A couple weeks after legislation was introduced in the Ohio House that would require high school students to receive CPR training prior to graduation, House staff members were given the opportunity to learn about the process of hands-only CPR.
“Over the coming weeks, there will be various CPR instructional sessions held for legislators and staff,” said Rep. Cheryl Grossman, who cosponsored the legislation, House Bill 113, with Rep. Nathan Manning (R-North Ridgeville). “This will provide participants the ability to learn more about the importance and the procedure of CPR.”
The Columbus Division of Fire hosted the training session, which also included instructions for using an automated external defibrillator (AED).
The hour-long session came on the heels of the introduction of the CPR requirements in high schools contained in House Bill 113. The bill would allow Ohio’s high schools to offer CPR as part of their health curriculum training at any time during a student’s tenure, grades 9-12. Should it be signed into law, Ohio would join at least 20 other states with similar statutes.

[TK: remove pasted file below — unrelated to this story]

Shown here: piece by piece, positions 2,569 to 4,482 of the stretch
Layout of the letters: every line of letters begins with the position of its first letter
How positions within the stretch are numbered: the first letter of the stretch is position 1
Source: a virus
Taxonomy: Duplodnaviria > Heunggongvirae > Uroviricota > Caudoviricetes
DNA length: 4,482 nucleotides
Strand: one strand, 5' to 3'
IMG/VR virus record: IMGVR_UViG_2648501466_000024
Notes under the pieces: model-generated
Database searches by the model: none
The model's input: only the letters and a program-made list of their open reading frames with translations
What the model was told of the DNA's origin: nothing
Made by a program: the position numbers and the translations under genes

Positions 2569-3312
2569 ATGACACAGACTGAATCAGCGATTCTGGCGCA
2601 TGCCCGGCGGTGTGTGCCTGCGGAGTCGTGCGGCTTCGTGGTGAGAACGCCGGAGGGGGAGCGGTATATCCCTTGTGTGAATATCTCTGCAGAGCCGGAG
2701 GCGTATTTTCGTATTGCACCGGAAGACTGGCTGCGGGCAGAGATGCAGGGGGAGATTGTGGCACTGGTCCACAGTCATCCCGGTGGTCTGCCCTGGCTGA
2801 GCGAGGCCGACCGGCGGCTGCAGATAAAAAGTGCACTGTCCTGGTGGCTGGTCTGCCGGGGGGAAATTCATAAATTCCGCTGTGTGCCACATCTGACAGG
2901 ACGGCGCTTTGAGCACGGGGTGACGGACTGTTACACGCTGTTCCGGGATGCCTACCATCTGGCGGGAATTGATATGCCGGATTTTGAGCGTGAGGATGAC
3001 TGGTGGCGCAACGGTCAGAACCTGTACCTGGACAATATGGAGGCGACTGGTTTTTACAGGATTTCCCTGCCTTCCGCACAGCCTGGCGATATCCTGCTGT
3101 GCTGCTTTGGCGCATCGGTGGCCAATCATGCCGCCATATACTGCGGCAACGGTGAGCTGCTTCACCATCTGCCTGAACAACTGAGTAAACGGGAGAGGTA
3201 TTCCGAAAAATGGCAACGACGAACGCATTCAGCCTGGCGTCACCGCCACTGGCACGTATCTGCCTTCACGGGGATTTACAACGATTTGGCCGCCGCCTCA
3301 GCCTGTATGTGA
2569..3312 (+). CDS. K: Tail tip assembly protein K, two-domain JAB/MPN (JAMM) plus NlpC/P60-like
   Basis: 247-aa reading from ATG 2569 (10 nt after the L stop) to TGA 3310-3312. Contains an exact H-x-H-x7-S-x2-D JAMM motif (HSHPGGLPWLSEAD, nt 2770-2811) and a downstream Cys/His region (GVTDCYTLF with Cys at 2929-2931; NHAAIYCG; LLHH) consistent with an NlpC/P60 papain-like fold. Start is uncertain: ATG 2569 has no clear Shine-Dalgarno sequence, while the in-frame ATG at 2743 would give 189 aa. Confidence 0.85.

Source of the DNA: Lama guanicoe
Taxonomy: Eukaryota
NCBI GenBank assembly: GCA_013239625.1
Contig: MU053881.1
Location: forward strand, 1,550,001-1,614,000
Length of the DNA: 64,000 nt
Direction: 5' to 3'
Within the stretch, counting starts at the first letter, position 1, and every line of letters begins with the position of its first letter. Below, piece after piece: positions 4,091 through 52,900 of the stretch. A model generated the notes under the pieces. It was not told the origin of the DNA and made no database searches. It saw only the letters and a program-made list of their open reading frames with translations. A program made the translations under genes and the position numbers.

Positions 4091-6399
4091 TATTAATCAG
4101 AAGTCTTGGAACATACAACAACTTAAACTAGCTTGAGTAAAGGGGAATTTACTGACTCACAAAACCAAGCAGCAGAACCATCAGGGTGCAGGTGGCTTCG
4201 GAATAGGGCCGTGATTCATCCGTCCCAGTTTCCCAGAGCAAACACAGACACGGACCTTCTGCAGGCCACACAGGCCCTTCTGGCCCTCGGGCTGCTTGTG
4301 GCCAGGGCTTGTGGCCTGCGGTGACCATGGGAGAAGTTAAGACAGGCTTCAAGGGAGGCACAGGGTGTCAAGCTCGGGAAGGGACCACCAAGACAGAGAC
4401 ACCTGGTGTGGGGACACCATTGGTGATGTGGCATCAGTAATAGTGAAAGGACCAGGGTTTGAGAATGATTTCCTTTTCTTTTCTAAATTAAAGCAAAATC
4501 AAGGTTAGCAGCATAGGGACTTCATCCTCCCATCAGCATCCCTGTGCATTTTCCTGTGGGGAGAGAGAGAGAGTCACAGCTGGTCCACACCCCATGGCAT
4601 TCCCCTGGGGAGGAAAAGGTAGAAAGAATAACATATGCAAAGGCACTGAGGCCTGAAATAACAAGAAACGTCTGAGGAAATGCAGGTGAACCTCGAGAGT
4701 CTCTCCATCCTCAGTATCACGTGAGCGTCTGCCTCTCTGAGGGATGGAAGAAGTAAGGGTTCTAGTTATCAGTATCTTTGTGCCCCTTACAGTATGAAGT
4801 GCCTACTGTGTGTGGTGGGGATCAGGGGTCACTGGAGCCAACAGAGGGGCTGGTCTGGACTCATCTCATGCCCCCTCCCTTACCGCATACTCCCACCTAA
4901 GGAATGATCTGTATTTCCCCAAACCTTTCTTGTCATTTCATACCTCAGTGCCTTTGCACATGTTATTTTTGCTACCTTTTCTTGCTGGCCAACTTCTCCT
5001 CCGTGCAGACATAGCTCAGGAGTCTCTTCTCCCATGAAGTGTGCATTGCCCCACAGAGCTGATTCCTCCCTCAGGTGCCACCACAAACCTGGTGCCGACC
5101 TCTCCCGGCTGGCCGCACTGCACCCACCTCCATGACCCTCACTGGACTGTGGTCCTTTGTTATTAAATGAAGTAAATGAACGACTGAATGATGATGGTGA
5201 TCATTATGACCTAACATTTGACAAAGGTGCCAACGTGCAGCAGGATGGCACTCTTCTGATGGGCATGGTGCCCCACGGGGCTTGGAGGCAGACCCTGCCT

Each year, nearly 424,000 people suffer cardiac arrest while outside of a hospital. Of those, only about 10 percent survive. However, when effective hands-only bystander CPR is administered, a person’s chance of survival doubles or even triples. House Bill 113 hopes to educate more young people on how to effectively administer CPR and, thus, increase the potential chance of survival among people suffering cardiac arrest.
House Bill 113 has been referred to the House Education Committee.